Continental shelves/North east American continental shelves

From Wikiversity
Jump to navigation Jump to search
This is a bathymetric or hydrographic map of the North Atlantic ocean floor. Credit: U.S. Navy.{{free media}}

This map is a bathymetric or hydrographic map of the North Atlantic ocean floor as it exists today. This map is constructed from U.S. Navy data. The floor of the North Atlantic is elevated along the Mid Atlantic Rift from Iceland to well South of the Azores in the southern Atlantic. The Azores Plateau and the area surrounding it are shown. This is a under water depth map, and it is color coded by depth, brown is approximately 200 m, which would have been near to or above sea level during the last ice age.

Greenland shelves[edit]

Greenland bedrock is shown at current elevation above sea level. Credit: Skew-t.{{free media}}

In 2007 the existence of a new island was announced. Named "Uunartoq Qeqertaq" (English: Warming Island), this island has always been present off the coast of Greenland, but was covered by a glacier discovered in 2002 to be shrinking rapidly, and by 2007 had completely melted away, leaving the exposed island.[1] The island was named Place of the Year by the Oxford Atlas of the World in 2007.[2] Ben Keene, the atlas's editor, commented: "In the last two or three decades, global warming has reduced the size of glaciers throughout the Arctic and earlier this year, news sources confirmed what climate scientists already knew: water, not rock, lay beneath this ice bridge on the east coast of Greenland. More islets are likely to appear as the sheet of frozen water covering the world's largest island continues to melt".[3]

Some controversy surrounds the history of the island, specifically over whether the island might have been revealed during a brief warm period in Greenland during the mid-20th century.[4]

Labrador shelves[edit]

The Labrador Sea between Greenland, Labrador, and Qikiqtaaluk, especially the continental shelf at about 100 m depth. Credit: University of Goettingen, Germany.{{fairuse}}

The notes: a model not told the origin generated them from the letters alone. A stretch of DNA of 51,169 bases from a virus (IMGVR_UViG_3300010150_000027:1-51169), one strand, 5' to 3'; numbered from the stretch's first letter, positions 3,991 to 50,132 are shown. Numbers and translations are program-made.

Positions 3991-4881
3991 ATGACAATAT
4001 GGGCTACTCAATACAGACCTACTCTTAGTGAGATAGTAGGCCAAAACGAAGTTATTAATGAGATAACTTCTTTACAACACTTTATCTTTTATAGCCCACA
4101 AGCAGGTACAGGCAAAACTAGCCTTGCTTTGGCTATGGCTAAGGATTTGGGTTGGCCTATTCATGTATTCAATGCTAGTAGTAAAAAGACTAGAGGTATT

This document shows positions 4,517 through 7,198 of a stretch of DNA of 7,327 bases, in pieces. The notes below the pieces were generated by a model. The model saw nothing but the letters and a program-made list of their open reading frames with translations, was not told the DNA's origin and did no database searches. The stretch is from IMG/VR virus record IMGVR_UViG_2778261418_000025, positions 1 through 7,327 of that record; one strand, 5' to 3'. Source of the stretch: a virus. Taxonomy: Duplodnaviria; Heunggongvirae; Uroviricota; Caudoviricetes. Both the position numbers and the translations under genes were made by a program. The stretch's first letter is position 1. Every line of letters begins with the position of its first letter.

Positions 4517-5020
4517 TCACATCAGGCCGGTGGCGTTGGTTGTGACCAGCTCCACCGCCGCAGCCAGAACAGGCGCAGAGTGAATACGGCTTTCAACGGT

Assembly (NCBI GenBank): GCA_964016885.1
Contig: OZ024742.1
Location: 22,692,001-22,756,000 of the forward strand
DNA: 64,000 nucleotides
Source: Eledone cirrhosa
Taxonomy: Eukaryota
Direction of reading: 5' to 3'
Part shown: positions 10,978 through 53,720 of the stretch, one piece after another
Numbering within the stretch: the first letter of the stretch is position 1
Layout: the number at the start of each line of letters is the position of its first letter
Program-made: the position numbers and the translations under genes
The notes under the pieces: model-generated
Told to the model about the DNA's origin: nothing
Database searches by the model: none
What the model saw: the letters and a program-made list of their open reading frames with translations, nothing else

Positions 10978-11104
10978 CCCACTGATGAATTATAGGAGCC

Through the Mesozoic and into the Cenozoic, the landscape eroded, shedding sand into the Labrador Shelf, mainly from older metasediments and metavolcanic rocks that reached amphibolite grade on the sequence of metamorphic facies.[5] Close to Makkovik, breccia from the Mesozoic, cut by lamprophyre-carbonatite dikes marks the opening of the Labrador Sea.[6]

The region experienced repeat glaciations during the Pleistocene. Glaciomarine silts and mud records the melting of the glaciers on the Labrador Shelf, with significant deposition around 20,000 years ago. Analysis suggests most of these sediments originated on land in Labrador, although large amounts of limestone (which is completely absent in the Labrador) indicate a second source to the north, likely Paleozoic limestone on the Hudson Strait and Ungava Bay.[7]

Massive iron deposits are found in the Labrador Trough along with copper, uranium and molybdenum. Iron forms in chert from the Ungava Bay to the Grenville Front, over a span of 700 miles, while copper and nickel minerals such as pyrite, pyrrhotite, sphalerite and galena form dispersed deposits or massive bodies in Kaniapiskau Supergroup rocks. The Aillik Group hosts uranium as uraninite and pitchblende dispersed in veins in pegmatite, argillite, granulite and quartzite.[8]

Scotian shelves[edit]

Bathymetry is near the Gulf of Saint Lawrence, including the Scotian Shelf. Credit: NGDC, NOAA.{{free media}}

The Scotian Shelf is a geological formation, part of the Continental shelf, located southwest of Nova Scotia, Canada. It covers an area of 120,000 km²,[9] is 700 km long and ranges in width from 120 to 240 km. It has an average depth of 90 metres.[10] The Scotian Shelf contains the ecologically important Scotian Shelf Large Marine Ecosystem (LME) and the Scotian Shelf Waters (SSW).[11][12][13]

The northeastern boundary is defined by the Laurentian Channel, where it drops off to 400 m. Further south is the continental slope, which sharply drops off to a depth of more than 3,000 m.[9] The southwestern boundary ends at the Northeast Channel, including the Gulf of Maine.[10]

The Scotian Shelf is characterized by shallow, offshore banks 25 m to 100 m under the ocean surface, with deep basins and troughs between that vary in depth from 160 m to 300 m.[9][10] These culminate at Sable Island.[9]

A southwesterly ocean current, (occasionally containing runoff from the Gulf of St Lawrence) flows over the inner shelf. The water flow over the banks is weaker and tends have greater variation.[10] The Scotian Shelf contains a canyon called the "Gully", which is more than 1000 m deep. Currents flow through this canyon southward, mixing offshore waters with the Nova Scotia Current. This causes an increase in biological productivity toward the east, across the Continental Shelf.

The Scotian Shelf is heavily influenced by the Gulf Stream, resulting in a variety of marine species being present which are normally found further south. These appear at regular intervals due to the main current spinning off cores of warm water.[9]

The right whale has a critical habitat in the Roseway Basin, the northeastern part of the Scotian Shelf. Approximately 30 percent of the known population uses this habitat throughout the course of the year.[9]

The northern bottlenose whale also lives in the Scotian Shelf Waters area, in particular, the Gully, with about 230 individual specimens recorded there; the sperm whale and harbour seal, are also found in this region, including the grey seal, which is common on Sable Island.[9]